Unrelated helpers neither signal contributions nor suffer retribution in chestnut-crowed babblers

Nomano, Fumiaki Y., Browning, Lucy E., Savage, James L., Rollins, Lee A., Griffith, Simon C. and Russell, Andrew F. 2015, Unrelated helpers neither signal contributions nor suffer retribution in chestnut-crowed babblers, Behavioral ecology, vol. 26, no. 4, pp. 986-995.

Attached Files
Name Description MIMEType Size Downloads

Title Unrelated helpers neither signal contributions nor suffer retribution in chestnut-crowed babblers
Author(s) Nomano, Fumiaki Y.
Browning, Lucy E.
Savage, James L.
Rollins, Lee A.ORCID iD for Rollins, Lee A. orcid.org/0000-0002-3279-7005
Griffith, Simon C.
Russell, Andrew F.
Journal name Behavioral ecology
Volume number 26
Issue number 4
Start page 986
End page 995
Total pages 10
Publisher Oxford University Press
Place of publication Oxford, Eng.
Publication date 2015-01-01
ISSN 1045-2249
Keyword(s) Science & Technology
Life Sciences & Biomedicine
Behavioral Sciences
Life Sciences & Biomedicine - Other Topics
Environmental Sciences & Ecology
direct benefits
Summary Alloparental care by distant/nonkin that accrue few kin-selected benefits requires direct fitness benefits to evolve. The pay-to-stay hypothesis, under which helpers contribute to alloparental care to avoid being expelled from the group by dominant individuals, offers one such explanation. Here, we investigated 2 key predictions derived from the pay-to-stay hypothesis using the chestnut-crowed babbler, Pomatostomus ruficeps, a cooperatively breeding bird where helping by distant/nonkin is common (18% of nonbreeding helpers). First, we found no indication that distant or nonkin male helpers advertised their contributions toward the primary male breeder. Helpers unrelated to both breeders were unresponsive to provisioning rates of the dominant male, whereas helpers that were related to either the breeding male or to both members of the pair were responsive. In addition, unrelated male helpers did not advertise their contributions to provisioning by disproportionately synchronizing their provisioning events with those of the primary male breeder or by provisioning nestlings immediately after him. Second, no helper, irrespective of its relatedness to the dominant breeders, received aggression when released back into the group following temporary removal for 1-2 days. We therefore find no compelling support for the hypothesis that pay-to-stay mechanisms account for the cooperative behavior of unrelated males in chestnut-crowned babblers.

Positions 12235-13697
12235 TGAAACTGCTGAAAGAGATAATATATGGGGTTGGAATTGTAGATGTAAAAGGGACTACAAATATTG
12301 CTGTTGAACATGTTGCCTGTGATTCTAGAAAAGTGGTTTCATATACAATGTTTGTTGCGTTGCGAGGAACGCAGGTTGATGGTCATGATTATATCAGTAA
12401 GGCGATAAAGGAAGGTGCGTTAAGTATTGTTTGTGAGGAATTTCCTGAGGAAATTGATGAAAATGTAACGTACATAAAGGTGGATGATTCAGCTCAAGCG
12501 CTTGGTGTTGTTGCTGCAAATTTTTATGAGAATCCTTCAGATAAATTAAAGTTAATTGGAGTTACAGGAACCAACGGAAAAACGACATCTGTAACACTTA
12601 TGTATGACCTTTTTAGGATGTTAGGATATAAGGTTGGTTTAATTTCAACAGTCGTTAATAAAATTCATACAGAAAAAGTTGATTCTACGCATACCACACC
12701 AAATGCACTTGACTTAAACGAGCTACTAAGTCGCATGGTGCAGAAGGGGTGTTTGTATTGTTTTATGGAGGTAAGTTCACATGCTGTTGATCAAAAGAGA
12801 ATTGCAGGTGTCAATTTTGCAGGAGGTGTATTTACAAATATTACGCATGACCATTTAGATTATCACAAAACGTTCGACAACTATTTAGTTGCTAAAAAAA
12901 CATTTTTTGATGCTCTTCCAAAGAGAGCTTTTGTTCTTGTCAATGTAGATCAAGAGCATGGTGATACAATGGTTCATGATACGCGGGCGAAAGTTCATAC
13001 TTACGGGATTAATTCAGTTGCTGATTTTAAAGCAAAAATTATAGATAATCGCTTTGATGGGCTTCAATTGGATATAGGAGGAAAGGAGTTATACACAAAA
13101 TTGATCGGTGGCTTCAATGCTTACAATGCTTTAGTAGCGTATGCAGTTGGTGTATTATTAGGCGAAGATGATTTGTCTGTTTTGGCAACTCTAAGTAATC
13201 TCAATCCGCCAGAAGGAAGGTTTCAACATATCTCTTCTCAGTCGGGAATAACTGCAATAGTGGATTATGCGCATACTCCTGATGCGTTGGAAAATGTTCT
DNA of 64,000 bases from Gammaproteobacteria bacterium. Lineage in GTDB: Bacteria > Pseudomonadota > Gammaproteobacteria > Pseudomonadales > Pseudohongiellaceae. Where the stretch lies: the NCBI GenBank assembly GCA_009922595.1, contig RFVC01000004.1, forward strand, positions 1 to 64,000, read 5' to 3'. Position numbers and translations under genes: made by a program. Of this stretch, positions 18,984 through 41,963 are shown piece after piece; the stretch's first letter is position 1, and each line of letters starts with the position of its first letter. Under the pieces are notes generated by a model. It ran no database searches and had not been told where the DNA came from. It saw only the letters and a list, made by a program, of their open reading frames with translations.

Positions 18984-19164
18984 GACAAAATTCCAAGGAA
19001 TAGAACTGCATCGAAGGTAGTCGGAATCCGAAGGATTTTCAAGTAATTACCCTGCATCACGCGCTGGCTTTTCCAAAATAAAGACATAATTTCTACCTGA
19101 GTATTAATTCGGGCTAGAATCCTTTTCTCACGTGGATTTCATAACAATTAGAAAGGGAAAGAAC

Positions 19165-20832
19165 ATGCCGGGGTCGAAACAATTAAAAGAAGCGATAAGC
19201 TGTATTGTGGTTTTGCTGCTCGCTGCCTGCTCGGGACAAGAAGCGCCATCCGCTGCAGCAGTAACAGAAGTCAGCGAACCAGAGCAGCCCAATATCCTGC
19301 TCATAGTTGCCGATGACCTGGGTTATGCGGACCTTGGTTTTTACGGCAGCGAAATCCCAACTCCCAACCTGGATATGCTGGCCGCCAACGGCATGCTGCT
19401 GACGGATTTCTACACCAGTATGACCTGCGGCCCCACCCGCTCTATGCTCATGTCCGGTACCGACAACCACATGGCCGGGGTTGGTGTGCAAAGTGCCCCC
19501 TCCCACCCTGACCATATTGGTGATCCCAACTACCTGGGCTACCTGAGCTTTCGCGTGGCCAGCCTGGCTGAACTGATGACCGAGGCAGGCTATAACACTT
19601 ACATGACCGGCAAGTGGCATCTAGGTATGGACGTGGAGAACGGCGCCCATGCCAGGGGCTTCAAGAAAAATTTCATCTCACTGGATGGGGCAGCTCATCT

Language eng
Field of Research 060201 Behavioural Ecology
Socio Economic Objective 970106 Expanding Knowledge in the Biological Sciences
HERDC Research category C1 Refereed article in a scholarly journal
ERA Research output type C Journal article
Copyright notice ©2015, Oxford University Press
Persistent URL http://hdl.handle.net/10536/DRO/DU:30075761

Connect to link resolver
Unless expressly stated otherwise, the copyright for items in DRO is owned by the author, with all rights reserved.

Version Filter Type
Citation counts: TR Web of Science Citation Count  Cited 15 times in TR Web of Science
Scopus Citation Count Cited 16 times in Scopus
Google Scholar Search Google Scholar
Access Statistics: 325 Abstract Views, 2 File Downloads  -  Detailed Statistics
Created: Wed, 11 Nov 2015, 16:13:46 EST

Every reasonable effort has been made to ensure that permission has been obtained for items included in DRO. If you believe that your rights have been infringed by this repository, please contact drosupport@deakin.edu.au.